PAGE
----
”The Soldier” by Wilfred Owen and ”Dulce et Decorum est” by Rupert Brooke Essay Sample

”The Soldier” by Wilfred Owen and ”Dulce et Decorum est” by Rupert Brooke Pages
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‘The Soldier’ was written by Wilfred Owen and ‘Dulce et Decorum est’ was written by Rupert Brooke. They were both written during World War 1, ‘The Great War’ between 1914 and 1918. World War 1 was a major defining event in Europe. This war was between England and Germany and it was mostly staged in the muddy battlefields of France and Belgium. The type of writing which both poets use was developed as a response to this war and it is known as ‘war poetry’. Both writers write with authority as Brooke was in the English Navy during the war and Owen was in the British Army. Sadly, Owen was killed just one week before the end of the war. A lot of the soldiers were not killed in battle, their own living conditions helped to kill them as diseases like ‘trench foot’ were very common in the harsh and grim trenches. Even though both poets write with differing opinions to war, they have one item in common, what it actually meant to be a soldier in World War 1.

Unlike Owen, Brooke thinks it is an honourable thing to die for your country. He feels that death in war is victorious and glorious. If he dies in the battle, he thinks that it will be triumphant and the piece of land on which he dies will be English and it will be an English achievement and a memorial of England. “For ever England”. The piece of land in some “foreign field” will be English territory and if he dies he thinks that he will go to heaven because he is fighting for what is right. He feels that God is a righteous Englishman. “English heaven”. He also uses repetition in the poem to illustrate how strongly he feels towards his country. He repeats the word “England” under different forms six times in the limits of the short poem.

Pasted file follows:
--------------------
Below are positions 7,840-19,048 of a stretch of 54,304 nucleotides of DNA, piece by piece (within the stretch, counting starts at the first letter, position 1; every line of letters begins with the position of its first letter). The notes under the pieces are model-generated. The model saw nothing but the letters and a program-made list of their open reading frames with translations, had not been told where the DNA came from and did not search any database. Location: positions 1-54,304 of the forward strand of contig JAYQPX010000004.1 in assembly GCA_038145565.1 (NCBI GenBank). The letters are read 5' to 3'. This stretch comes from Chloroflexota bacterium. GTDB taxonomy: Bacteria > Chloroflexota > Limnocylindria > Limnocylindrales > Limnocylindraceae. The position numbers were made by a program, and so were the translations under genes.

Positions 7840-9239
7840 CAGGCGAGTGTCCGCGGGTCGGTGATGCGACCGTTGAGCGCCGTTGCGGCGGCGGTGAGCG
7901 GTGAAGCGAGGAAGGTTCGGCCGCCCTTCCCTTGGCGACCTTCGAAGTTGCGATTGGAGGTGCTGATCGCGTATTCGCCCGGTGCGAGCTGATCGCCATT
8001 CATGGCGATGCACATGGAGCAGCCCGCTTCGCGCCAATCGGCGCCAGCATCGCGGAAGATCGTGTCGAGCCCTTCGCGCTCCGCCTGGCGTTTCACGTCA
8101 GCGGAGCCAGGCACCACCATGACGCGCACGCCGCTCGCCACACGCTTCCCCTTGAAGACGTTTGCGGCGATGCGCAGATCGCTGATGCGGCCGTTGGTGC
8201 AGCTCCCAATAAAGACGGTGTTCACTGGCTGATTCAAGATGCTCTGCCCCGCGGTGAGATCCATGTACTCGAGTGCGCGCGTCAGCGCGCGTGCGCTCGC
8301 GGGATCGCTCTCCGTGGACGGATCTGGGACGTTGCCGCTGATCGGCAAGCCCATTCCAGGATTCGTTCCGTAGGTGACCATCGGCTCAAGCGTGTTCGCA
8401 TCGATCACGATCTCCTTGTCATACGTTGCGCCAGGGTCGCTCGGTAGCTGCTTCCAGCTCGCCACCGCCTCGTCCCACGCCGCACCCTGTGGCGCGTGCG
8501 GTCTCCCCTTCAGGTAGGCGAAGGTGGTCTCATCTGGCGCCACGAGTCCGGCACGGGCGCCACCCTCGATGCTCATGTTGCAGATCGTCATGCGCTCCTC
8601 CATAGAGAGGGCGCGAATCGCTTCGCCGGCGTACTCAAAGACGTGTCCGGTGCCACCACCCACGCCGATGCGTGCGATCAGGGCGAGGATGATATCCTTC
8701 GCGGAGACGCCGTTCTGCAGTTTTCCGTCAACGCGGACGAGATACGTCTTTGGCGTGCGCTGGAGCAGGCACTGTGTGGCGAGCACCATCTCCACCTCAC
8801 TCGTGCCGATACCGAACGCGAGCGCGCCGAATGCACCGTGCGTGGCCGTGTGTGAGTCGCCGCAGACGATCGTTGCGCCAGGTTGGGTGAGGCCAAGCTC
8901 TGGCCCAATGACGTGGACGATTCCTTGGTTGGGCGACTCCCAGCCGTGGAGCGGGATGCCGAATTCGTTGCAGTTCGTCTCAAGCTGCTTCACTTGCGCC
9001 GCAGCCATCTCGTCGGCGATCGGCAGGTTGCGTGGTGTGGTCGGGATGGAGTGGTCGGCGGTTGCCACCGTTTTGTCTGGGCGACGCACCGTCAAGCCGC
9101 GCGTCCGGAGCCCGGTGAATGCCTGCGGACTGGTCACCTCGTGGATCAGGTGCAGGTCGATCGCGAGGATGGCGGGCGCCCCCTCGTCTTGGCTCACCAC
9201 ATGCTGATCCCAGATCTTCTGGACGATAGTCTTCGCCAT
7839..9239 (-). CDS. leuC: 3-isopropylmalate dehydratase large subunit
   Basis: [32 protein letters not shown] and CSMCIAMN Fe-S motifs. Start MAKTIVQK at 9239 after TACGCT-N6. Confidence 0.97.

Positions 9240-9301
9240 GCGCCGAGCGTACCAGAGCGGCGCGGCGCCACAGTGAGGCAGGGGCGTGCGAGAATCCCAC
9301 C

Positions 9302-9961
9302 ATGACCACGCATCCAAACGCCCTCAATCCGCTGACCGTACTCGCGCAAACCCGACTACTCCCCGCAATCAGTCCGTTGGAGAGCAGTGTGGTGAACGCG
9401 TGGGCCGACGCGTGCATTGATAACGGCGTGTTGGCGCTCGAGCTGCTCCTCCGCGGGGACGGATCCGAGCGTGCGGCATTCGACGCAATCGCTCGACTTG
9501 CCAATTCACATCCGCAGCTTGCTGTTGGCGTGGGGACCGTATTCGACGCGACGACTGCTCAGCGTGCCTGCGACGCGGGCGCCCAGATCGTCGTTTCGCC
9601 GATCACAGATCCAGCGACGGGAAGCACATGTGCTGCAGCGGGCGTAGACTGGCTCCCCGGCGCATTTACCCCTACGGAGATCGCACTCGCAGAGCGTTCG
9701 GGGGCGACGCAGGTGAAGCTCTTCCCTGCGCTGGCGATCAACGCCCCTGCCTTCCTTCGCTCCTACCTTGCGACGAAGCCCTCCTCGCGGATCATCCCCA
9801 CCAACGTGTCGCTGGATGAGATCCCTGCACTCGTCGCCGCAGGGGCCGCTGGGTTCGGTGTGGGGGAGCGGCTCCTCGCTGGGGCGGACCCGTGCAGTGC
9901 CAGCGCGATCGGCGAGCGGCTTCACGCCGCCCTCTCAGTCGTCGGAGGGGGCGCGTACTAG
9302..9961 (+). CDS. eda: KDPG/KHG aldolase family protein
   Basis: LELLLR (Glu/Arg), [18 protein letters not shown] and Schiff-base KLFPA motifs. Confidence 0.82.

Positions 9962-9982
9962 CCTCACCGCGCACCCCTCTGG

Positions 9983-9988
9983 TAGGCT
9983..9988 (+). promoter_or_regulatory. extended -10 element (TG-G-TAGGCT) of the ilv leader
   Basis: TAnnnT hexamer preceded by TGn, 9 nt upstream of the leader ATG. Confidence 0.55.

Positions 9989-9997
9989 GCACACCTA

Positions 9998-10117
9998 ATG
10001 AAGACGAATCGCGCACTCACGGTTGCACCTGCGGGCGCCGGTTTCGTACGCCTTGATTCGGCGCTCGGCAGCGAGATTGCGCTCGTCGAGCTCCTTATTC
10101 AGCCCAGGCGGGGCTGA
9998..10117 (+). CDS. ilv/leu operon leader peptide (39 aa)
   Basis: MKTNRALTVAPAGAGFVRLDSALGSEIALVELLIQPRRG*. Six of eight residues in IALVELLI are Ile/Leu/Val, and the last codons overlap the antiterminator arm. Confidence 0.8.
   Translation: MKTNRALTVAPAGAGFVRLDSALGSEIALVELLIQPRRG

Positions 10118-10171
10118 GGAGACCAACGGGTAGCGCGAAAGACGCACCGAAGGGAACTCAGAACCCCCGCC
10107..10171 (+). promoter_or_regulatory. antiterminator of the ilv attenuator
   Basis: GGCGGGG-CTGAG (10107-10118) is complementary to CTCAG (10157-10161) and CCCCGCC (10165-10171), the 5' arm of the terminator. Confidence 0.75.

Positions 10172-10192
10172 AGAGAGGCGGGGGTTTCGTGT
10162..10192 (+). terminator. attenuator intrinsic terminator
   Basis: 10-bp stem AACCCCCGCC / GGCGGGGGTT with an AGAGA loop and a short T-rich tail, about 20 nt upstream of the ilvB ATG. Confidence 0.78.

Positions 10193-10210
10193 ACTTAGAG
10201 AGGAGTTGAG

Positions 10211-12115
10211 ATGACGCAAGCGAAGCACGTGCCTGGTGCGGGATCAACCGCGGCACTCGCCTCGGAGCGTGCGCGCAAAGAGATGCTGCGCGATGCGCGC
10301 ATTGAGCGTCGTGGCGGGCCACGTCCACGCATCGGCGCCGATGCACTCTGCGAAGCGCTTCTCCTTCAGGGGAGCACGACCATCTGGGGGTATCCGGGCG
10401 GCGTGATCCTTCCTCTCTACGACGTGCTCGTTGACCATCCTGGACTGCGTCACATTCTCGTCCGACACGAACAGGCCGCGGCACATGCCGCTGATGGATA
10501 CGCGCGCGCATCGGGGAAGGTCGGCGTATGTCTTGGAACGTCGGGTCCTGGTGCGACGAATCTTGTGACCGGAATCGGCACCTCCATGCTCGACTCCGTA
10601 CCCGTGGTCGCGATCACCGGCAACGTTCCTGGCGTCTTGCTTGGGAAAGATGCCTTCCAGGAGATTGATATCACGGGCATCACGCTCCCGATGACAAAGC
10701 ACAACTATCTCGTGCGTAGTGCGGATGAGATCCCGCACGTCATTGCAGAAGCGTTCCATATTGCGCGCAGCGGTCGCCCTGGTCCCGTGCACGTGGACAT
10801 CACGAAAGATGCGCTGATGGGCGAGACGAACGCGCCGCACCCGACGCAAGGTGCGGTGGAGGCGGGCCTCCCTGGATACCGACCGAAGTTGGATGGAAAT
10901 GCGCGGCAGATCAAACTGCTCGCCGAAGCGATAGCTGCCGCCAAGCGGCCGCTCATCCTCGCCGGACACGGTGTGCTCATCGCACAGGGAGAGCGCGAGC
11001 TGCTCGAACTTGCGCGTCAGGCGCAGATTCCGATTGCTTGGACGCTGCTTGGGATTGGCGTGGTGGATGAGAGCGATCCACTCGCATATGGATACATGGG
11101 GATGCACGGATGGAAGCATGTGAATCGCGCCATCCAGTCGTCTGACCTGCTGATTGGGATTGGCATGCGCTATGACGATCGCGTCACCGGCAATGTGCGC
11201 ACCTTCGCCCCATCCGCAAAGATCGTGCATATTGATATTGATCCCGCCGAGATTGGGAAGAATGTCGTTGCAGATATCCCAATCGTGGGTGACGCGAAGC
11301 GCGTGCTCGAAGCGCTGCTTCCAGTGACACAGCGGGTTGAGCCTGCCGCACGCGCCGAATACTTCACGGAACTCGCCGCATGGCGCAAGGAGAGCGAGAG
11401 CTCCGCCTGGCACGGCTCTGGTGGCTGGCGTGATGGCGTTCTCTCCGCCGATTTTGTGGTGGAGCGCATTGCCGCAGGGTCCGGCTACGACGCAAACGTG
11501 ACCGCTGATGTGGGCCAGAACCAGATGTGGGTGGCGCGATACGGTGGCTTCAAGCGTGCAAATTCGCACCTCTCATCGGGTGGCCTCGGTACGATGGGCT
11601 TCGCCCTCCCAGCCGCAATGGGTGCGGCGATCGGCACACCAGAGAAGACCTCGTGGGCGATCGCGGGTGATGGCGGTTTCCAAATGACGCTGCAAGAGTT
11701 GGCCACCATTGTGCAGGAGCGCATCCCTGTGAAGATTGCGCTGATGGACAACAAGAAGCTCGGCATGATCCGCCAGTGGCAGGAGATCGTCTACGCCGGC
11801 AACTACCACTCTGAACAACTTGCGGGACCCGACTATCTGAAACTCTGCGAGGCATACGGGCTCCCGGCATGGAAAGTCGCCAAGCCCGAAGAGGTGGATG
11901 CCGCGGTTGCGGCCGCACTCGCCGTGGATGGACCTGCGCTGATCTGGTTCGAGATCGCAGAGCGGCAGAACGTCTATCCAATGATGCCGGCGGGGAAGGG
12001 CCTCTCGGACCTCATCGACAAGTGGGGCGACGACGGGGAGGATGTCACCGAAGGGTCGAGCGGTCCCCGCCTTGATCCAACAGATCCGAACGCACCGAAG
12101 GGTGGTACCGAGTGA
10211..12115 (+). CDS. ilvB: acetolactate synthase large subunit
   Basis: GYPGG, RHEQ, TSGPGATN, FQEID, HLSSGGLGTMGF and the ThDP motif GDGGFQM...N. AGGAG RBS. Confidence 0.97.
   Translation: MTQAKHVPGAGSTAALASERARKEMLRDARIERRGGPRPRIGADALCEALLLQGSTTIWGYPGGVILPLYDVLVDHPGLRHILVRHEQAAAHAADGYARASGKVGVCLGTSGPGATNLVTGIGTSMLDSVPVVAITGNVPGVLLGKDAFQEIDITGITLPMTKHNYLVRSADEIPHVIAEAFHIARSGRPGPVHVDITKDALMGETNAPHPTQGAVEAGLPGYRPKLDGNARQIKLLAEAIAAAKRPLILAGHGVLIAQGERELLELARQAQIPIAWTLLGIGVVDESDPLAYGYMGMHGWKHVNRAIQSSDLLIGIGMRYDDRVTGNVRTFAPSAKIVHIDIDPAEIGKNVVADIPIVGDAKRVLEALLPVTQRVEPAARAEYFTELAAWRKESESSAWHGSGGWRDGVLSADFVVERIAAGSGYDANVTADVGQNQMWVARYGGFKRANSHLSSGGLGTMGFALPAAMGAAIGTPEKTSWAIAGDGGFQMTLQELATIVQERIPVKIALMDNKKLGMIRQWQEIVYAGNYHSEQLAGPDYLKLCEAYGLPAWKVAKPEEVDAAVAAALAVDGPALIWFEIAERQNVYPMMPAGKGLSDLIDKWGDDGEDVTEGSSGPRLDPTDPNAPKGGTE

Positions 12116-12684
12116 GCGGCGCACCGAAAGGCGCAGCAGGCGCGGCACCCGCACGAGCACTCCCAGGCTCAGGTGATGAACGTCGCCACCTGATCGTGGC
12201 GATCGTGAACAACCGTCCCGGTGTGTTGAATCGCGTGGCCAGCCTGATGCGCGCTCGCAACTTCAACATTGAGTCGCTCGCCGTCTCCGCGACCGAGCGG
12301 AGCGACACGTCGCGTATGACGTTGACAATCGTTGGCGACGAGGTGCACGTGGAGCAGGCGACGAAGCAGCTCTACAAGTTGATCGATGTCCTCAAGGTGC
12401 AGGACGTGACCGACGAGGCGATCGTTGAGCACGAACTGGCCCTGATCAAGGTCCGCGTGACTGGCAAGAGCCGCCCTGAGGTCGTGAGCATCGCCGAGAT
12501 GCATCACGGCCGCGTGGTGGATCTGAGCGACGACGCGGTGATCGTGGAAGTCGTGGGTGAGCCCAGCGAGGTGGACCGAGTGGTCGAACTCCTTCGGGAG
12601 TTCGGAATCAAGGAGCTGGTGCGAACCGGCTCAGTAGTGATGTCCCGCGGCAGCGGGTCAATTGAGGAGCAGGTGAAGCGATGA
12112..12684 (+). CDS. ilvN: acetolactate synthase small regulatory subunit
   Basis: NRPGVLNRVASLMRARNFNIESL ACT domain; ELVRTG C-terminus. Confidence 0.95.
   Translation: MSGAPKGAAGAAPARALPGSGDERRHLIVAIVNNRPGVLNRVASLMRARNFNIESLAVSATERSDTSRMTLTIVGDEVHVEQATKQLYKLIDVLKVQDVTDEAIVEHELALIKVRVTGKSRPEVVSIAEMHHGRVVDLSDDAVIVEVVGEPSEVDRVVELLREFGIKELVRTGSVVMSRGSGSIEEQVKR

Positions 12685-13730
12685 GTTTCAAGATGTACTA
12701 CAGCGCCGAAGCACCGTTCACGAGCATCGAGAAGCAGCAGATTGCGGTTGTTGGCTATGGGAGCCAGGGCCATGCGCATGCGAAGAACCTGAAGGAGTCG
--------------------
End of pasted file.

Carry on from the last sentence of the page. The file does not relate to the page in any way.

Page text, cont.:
This is an extremely patriotic and poem. Brooke is prepared to die for his country. He does not concentrate on the fact the English send out seventeen and eighteen year olds to the battlefields, he focuses on the beauty of England and why it should be preserved. He presents England as an ideal country with beautiful, rural scenery. “Her flowers to love, her ways to roam.” He presents it as a heavenly paradise and a place worth fighting for. He feels that this justifies all the deaths and tragedies of World War 1. Brooke thinks that England is better than any other country. There is a sense of jingoism in this poem as Brooke adores England and praises his country throughout his poem. “Forever England”. He doesn’t just think of England as a country, he feels that England is his mother. “A dust whom England bore,” England gave him his life and it made him into a man from particles of dust.